When you apply for US credit cards, are you claiming residency in the US?

Yes and no. Yes, to credit issuers that specify that the cards are for US residents only. No to the IRS, especially if you were to obtain an ITIN, since that would require you to be a foreign resident who is subject to tax treaties.

Many card issuers include wording on their card application that says something along the lines of:

By submitting this application, you are requesting us to open an Account in your name and to issue Card(s) as you direct. Only qualified individuals 18 or over may apply for an Account. This offer is available to US Residents.

Therefore, by submitting your application for a US credit card, you’re effectively telling the issuer that you are a US resident and would be eligible to receive the card (and the welcome bonus). From what we’ve seen, there have been no issues with this. However, if an issuer were to request additional information, this could get tricky if you don’t have ID with proof of address, an SSN, etc.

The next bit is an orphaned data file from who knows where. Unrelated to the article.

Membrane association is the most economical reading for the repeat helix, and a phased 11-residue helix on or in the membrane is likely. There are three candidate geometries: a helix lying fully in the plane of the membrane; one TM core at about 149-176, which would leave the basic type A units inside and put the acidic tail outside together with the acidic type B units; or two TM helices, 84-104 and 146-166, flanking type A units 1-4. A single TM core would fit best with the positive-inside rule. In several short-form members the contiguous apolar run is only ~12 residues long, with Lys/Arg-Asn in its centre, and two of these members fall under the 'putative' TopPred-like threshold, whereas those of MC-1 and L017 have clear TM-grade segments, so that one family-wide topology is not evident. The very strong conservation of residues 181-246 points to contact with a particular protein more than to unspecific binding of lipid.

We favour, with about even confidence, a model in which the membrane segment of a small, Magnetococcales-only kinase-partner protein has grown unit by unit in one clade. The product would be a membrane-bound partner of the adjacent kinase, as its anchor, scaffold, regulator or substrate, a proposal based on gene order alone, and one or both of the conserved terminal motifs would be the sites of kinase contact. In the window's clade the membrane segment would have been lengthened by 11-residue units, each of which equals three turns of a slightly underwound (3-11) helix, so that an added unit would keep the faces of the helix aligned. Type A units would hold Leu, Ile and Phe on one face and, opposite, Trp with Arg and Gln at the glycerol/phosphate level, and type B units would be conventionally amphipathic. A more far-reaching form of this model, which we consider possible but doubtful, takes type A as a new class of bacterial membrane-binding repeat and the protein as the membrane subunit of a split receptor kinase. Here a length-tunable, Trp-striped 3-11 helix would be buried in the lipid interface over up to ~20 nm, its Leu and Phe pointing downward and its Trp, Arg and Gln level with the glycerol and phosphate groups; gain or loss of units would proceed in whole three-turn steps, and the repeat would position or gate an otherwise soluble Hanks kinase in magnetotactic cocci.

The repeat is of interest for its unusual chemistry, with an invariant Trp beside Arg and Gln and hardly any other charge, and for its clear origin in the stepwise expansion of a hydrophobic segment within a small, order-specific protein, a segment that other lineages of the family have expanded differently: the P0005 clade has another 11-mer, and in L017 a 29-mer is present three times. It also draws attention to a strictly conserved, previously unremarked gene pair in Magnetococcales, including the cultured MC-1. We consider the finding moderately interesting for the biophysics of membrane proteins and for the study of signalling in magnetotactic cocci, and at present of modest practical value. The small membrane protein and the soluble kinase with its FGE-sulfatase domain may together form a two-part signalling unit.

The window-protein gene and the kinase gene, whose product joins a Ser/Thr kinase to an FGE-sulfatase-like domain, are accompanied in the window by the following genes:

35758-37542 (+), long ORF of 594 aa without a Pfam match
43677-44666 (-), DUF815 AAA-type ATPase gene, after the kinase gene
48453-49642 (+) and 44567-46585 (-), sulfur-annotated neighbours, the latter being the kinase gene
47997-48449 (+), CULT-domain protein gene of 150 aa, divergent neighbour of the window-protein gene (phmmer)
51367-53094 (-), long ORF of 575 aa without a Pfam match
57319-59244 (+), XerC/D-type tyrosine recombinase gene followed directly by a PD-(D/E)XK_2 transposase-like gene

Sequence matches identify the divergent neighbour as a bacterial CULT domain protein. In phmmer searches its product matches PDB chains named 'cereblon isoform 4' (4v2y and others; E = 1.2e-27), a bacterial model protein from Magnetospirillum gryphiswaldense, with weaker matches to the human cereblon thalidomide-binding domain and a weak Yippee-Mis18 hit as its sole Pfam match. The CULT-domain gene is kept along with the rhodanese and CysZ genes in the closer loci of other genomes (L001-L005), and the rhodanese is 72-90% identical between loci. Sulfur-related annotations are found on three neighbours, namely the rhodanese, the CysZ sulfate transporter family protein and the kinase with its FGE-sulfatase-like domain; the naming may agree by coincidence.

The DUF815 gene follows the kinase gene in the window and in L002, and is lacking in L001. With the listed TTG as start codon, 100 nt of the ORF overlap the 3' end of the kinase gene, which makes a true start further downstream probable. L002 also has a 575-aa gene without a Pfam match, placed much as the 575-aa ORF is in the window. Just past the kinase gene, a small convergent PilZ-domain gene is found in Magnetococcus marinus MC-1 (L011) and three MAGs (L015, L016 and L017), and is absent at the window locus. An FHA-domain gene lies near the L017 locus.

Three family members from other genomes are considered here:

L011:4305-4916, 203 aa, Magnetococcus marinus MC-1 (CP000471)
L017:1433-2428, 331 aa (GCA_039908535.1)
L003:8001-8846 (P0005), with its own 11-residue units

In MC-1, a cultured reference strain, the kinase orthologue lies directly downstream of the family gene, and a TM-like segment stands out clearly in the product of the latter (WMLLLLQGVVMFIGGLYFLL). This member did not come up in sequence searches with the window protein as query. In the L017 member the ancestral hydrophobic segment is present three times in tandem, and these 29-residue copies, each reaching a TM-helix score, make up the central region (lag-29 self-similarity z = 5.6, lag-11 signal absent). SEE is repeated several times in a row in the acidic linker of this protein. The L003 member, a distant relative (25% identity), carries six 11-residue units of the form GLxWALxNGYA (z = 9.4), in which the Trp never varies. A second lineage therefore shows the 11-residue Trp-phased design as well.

With regards to the formal residency status as it concerns the IRS, at no time through the ITIN process are you declaring residency in the US, but rather you’re declaring the fact that you need a taxpayer identification number to adjust the amount of tax withheld. The IRS shouldn’t see you as a US resident, and therefore wouldn’t require you to file a tax return or other obligations that come with being a resident.

Applying for US credit cards without being a US resident is definitely a grey area, but the IRS is pretty clear-cut that applying for an ITIN is in no way equivalent to declaring US residency.


Last updated 11 May 2019. Any questions?
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